Asian markets ended mixed Thursday, rebounding from early lows that came after another steep loss on Wall Street and amid persistent worry over the likely impact of a U.S. recession.
Hong Kong's Hang Seng Index fell 3.5 percent at 21,108.2, after dropping as much as 4.4 percent in morning trade.
In Shanghai, the recovery was more dramatic: The Shanghai Composite Index closed 1.1 percent higher at 3,804.1 after having plunged 6.5 percent in morning trade to hit its lowest level since last June.
But trading was subdued without the lead of Asia's largest bourse in Tokyo due to a national holiday in Japan. Financial markets were also closed in India, Indonesia, Malaysia, Pakistan and the Philippines.
Investors continue to worry about the world's financial system and the state of the U.S. economy, a vital export market for Asian companies.
"Until the U.S. market becomes stable, the Hong Kong market is not likely to consolidate its upward trend," said Castor Pang, an analyst at Sun Hung Kai Financial.
In the U.S. on Wednesday, talk swirled about whether further write-downs from financial institutions are in the offing after Merrill Lynch & Co. filed a lawsuit against a company involved in a debt transaction with the investment bank.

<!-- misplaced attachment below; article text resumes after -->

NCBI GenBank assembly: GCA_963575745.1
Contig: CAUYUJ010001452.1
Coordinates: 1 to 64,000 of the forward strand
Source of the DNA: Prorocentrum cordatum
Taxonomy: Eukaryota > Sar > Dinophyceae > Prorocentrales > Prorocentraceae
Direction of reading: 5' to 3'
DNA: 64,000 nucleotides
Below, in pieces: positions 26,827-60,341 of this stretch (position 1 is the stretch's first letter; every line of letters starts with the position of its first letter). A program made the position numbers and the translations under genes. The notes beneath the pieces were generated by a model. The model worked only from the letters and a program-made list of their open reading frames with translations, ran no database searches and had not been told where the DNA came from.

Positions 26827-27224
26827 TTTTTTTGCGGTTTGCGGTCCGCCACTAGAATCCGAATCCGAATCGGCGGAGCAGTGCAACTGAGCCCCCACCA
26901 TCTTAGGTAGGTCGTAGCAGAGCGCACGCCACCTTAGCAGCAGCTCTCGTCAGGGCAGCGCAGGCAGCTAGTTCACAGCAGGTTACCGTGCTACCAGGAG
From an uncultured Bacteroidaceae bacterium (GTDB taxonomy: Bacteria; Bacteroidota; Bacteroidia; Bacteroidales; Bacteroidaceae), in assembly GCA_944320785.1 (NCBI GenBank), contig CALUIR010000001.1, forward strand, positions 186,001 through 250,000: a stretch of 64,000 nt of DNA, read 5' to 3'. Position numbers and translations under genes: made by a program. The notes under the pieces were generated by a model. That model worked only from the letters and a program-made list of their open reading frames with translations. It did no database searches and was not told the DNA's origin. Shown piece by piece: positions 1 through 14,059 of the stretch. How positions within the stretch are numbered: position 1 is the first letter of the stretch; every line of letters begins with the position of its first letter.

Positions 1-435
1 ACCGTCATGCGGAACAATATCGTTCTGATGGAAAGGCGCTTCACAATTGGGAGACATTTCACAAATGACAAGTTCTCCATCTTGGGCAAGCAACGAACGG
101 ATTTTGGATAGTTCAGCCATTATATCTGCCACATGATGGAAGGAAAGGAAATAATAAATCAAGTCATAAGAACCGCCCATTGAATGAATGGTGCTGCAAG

The Dow Jones industrial average fell 2.36 percent to 12,099.66 - just a day after it surged 3.5 percent.
Investors have seen advances evaporate many times during the course of the credit crisis. After the big rise following the U.S. Federal Reserve's interest rate cut Tuesday, many wanted to preserve their gains and that led to Wednesday's sell-off, analysts said.
In China, financial stocks bounced back after falling early in the day.
Industrial & Commercial Bank of China gained 2.1 percent after slipping 2.8 percent in the morning; China Life Insurance closed 0.2 percent lower after dropping as much as 5 percent.
PetroChina, which accounts for about a quarter of the Shanghai index's value, plunged 6.73 percent in the morning but closed just 2.3 percent lower.
However, analysts were cautious.
"Don't expect too much out of this rebound. Market sentiment is still quite dismal," said Wei Daoke, a senior analyst at Shenyin & Wanguo Securities Research Institute.
The Shanghai benchmark is still down about 28 percent so far this year.
In Australia, the S&P/ASX 200 index fell 3.1 percent, while in New Zealand the NZX-50 dropped 1.2 percent.
Financial stocks in Taiwan led the benchmark there to a 1.9 percent gain. South Korea's composite index in Seoul eked out a gain of 1.16 points after dropping nearly 2 percent in the morning.